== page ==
Towards Reliable Diffusion MRI of the In Vivo Human Heart

Student thesis: Doctoral ThesisDoctor of Philosophy


In vivo cardiac diffusion tensor imaging (DTI) is a non-invasive method to map the complex, three-dimensional fibre architecture of the beating heart. It allows the assessment and characterisation of the myocardium and has been employed successfully to image myocardial tissue alterations in a number of relevant diseases. Cardiac diffusion imaging has been primarily performed using stimulated echo based pulse sequences. With recent developments in magnetic resonance hardware and pulse sequence design, spin echo based approaches have become attractive alternatives.

The following work presents a comprehensive comparison of stimulated echo and spin echo based cardiac diffusion imaging approaches. Signal-to-noise ratio (SNR) and diffusion metrics in phantoms and in the in vivo human heart are analysed and a modification to previous diffusion encoding schemes is proposed.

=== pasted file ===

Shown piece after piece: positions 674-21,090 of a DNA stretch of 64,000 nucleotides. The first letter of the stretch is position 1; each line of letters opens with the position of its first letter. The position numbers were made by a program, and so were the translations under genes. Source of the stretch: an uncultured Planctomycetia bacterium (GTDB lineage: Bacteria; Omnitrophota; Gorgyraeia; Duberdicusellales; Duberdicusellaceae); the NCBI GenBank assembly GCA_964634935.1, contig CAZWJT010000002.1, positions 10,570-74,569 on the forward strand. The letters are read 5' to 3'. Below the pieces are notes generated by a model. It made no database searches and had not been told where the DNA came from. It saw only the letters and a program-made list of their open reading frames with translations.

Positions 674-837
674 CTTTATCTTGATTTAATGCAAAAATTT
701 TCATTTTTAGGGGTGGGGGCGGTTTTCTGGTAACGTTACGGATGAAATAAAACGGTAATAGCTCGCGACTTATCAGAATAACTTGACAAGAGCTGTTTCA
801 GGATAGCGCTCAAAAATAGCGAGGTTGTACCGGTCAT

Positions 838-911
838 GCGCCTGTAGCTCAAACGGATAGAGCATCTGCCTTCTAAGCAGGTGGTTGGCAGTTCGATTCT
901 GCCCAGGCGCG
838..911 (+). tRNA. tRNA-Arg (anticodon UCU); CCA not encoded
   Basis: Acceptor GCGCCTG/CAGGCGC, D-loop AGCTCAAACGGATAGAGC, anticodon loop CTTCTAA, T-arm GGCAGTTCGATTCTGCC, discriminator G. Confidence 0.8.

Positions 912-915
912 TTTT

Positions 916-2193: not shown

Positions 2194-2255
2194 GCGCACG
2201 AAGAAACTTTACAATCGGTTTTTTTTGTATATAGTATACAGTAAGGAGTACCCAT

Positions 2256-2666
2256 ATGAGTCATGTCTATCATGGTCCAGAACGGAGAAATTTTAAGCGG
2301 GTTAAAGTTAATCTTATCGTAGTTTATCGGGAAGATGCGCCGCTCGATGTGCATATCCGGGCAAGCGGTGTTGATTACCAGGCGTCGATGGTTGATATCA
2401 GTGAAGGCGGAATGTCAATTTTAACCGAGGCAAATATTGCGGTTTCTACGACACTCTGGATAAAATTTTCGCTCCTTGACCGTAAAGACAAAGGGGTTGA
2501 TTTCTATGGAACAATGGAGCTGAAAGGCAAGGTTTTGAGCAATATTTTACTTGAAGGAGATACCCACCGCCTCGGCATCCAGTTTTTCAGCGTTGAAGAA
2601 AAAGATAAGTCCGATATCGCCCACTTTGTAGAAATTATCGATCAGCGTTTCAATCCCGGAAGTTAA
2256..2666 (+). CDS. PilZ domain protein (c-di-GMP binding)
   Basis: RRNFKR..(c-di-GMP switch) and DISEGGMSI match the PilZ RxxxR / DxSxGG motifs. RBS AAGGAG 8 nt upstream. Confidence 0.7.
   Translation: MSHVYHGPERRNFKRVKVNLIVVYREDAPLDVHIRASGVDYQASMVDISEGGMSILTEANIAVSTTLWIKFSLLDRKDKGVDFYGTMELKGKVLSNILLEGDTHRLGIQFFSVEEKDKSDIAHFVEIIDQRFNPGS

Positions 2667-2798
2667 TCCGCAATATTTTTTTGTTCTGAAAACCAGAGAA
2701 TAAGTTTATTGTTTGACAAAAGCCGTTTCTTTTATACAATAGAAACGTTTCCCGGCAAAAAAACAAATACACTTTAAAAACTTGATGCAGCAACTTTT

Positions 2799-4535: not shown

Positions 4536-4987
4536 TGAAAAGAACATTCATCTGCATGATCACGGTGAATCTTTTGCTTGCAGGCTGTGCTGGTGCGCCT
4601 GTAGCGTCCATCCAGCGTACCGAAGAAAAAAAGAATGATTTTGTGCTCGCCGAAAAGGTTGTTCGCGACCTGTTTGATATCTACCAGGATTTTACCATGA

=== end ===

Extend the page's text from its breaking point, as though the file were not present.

In vivo cardiac DTI is implemented and applied to study dynamic fibre reorientation between heart phases in a patient population with dilated cardiomyopathy. Diffusion tensor metrics are compared relative to a healthy control group and correlated to cardiac motion parameters. To address long acquisition times, dual-slice excitation and dedicated image reconstruction are proposed and implemented in a separate study of healthy volunteers.

The impact of microvascular perfusion on the diffusion-weighted signal is investigated in a porcine model of myocardial infarction. The intravoxel incoherent motion (IVIM) model is employed to obtain perfusion metrics which are correlated to dynamic contrast enhanced perfusion measurements. A validation of the IVIM model is performed by comparing in vivo IVIM parameters relative to post mortem reference measurements without motion and perfusion effects. Additionally, Bayesian inference is proposed to reduce variability of diffusion and perfusion parameter estimation.

Keywords: myocardial fiber architecture, cardiac diffusion tensor imaging, stimulated echo acquisition mode, spin echo, motion compensation, signal-to-noise ratio, intravoxelincoherent motion, simultaneous multi-slice imaging, Bayesian inference, myocardial infarction, dilated cardiomyopathy
Date of Award2016
Original languageEnglish
Awarding Institution
  • King's College London
SupervisorSebastian Kozerke (Supervisor) & Claudia Prieto Vasquez (Supervisor)

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